Interview with George Shaw
George Shaw and The 716th: Scoring a Science Fiction Short
Interview by Randall D. Larson
George Shaw has composed an awesome science fiction short called THE 716th which is currently running on Amazon Prime as part of their Film Festival Stars. The short, directed by Andrew Bowen (ALONG THE WAY), is a “wildly fun, sci-fi adventure short film about a pair of unlikely heroes: two insubordinate non-automated combat medics and their admirably brave but poorly conceived, at times comical attempt to rescue a pair of injured infantry soldiers” on the war zone planet below. As Shaw puts it, “It’s M.A.S.H in space meets GUARDIANS OF THE GALAXY!” Amazon Prime members can (and should!) watch the short on US Amazon Prime Video or UK Amazon Prime Video. A soundtrack of Shaw’s score for THE 716th can be ordered through Amazon or through George’s Bandcamp page. And while you’re at his Bandcamp page check out his soundtrack for the third season of the “postmodern metafictional murder-mystery reality web series” that premiered in 2016 on YouTube Premium, ESCAPE FROM REALITY. All three season’s scores are available for digital purchase and they are well worth investigating.
Q: Your score for the s.f. short THE 716TH really captures many different moods in its short running time. How did you go about conceiving of the score and condensing it into such a short running time?
George Shaw: People who know me, or even follow me on social media know what a huge STAR WARS fan I am. And it all started with the incredible themes that John Williams created. So I also start with themes, and for this project I began with the big heroic main fanfare theme in the trumpet. It’s the theme I used the most throughout the film, and it’s my favorite kind of music to write. I think of this as my STAR WARS, as the themes really carry the tradition of character themes used in STAR WARS. I also created a villain theme for the Durakians, who have a very low and menacing minor mode theme.
The rest of the score really focuses on the aggressive brassy sci-Fi action music and the heroic/adventure/fun hijinks in space mood that makes this such a fun film that doesn’t take itself too seriously. It really reminds me of the kinds of movies I love growing up watching in the 90s. I really hope to expand on it, and perhaps if we get enough views on Amazon Prime Video, there could be potential to create more of this story!
Q: How did you work with the film’s director to establish the mood and provide the right kind of score for his film?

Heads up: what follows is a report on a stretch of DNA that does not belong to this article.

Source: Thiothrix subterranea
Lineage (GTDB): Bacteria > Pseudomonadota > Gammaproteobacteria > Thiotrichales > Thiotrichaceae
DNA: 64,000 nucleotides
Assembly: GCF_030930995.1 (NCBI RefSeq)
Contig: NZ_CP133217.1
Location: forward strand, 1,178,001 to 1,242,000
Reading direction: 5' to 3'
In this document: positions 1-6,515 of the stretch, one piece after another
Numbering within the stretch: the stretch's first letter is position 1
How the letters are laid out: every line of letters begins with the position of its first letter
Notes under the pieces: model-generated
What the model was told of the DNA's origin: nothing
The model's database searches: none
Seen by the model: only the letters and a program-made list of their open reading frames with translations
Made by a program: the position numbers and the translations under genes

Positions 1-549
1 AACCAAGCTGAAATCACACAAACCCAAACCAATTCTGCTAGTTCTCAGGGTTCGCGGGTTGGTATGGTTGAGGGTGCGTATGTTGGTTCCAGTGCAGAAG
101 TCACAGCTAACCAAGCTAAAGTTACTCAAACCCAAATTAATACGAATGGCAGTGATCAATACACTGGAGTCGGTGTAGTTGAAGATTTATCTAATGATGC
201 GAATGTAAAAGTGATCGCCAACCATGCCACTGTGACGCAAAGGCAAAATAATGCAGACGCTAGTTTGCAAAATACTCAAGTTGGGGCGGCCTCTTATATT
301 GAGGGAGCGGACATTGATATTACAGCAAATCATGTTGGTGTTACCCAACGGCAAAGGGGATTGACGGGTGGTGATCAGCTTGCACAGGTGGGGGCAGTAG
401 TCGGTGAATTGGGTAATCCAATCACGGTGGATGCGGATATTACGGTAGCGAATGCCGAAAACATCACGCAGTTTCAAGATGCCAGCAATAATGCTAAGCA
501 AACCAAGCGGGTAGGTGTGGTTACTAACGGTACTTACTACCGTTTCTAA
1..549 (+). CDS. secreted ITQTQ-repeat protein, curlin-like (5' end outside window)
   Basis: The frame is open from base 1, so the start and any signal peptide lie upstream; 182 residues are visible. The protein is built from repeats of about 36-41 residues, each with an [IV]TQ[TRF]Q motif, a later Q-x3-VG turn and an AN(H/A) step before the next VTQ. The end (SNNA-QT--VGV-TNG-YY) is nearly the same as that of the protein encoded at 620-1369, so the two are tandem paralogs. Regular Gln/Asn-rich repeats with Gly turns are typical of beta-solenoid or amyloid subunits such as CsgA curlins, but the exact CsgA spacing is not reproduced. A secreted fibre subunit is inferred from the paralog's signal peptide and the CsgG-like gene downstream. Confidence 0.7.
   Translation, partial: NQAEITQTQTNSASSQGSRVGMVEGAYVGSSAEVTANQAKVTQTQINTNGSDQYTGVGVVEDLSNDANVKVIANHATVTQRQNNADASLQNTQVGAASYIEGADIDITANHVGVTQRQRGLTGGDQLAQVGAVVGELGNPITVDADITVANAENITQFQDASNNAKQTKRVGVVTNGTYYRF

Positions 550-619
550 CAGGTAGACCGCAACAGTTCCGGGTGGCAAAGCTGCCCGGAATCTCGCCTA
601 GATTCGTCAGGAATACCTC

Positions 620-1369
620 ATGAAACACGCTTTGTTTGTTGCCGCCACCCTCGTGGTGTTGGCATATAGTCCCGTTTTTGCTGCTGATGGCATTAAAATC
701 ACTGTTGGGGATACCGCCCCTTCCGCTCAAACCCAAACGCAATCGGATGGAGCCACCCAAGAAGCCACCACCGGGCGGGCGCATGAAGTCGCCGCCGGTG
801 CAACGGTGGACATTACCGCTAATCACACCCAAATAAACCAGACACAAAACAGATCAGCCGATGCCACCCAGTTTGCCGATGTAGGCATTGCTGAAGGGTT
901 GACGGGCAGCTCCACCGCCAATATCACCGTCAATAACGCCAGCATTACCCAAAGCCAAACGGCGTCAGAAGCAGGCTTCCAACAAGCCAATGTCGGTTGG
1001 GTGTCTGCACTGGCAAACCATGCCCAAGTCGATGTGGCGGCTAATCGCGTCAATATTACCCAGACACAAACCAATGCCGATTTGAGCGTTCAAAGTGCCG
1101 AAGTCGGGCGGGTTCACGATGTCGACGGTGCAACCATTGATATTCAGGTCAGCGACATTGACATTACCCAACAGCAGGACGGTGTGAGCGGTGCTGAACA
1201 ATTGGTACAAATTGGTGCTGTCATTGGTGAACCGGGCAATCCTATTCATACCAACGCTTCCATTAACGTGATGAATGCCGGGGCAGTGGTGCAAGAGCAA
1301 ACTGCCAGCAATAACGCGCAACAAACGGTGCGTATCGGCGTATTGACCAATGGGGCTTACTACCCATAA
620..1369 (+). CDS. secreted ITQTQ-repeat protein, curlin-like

George Shaw: Andrew and I are both huge nerds and love a lot of classic sci-fi like STAR WARS, BACK TO THE FUTURE, and STAR TREK. We knew it needed a big and bold thematic orchestral score, and we’ve worked together on a number of projects before, so we knew this was going to be a great collaboration. From day 1 we knew what kind of score this would be, and it’s the kind of score I’ve always wanted to compose!
Q: What elements of the short film have you chosen to focus on to anchor your score around?
George Shaw: There were certainly a lot of heroic horn and trumpet fanfares, along with some classic major scales with flattened 6th notes that you often hear in science fiction films. For the more fantastical moments, I used lots of swirling string and wind writing, and the Durakian theme is based around low brass and a low synth pad.
Trailer for THE 716TH
Q: Was this a completely digital palette or were you able to bring in some live players?
George Shaw: We were able to record with one live horn and one trumpet player thanks to CMG Music Recording. I also overdubbed clarinet parts myself, but everything else was created digitally with sampled orchestra sounds.
Q: What is your technique when you’re composing to take your digital orchestra tools and create a virtual symphonic sound using them?
George Shaw: A big part of it is using realistic sounding samples and good reverb, but the rest is understanding orchestration and knowing how it should sound in real life. That lets you figure out the best way to approximate the actual sound; I spend a lot of time programming the samples to mimic the sound I imagine in my head. This has taken me years to get good at, and there’s always room to learn more, but it does help to use whatever live performances to sweeten the sound which lends authenticity to help fool the ears into believing it sounds real.
Q: Where can THE 716th be seen – will it have some kind of distribution?
George Shaw: The 716th is currently available on Amazon Prime, and if it gets enough views, we’re hoping to turn it into a much bigger project, so please go check it out!
Q: How was “American postmodern metafictional murder-mystery reality web series” (as Wikipedia describes it) ESCAPE THE NIGHT conceived and how did you become involved in scoring it?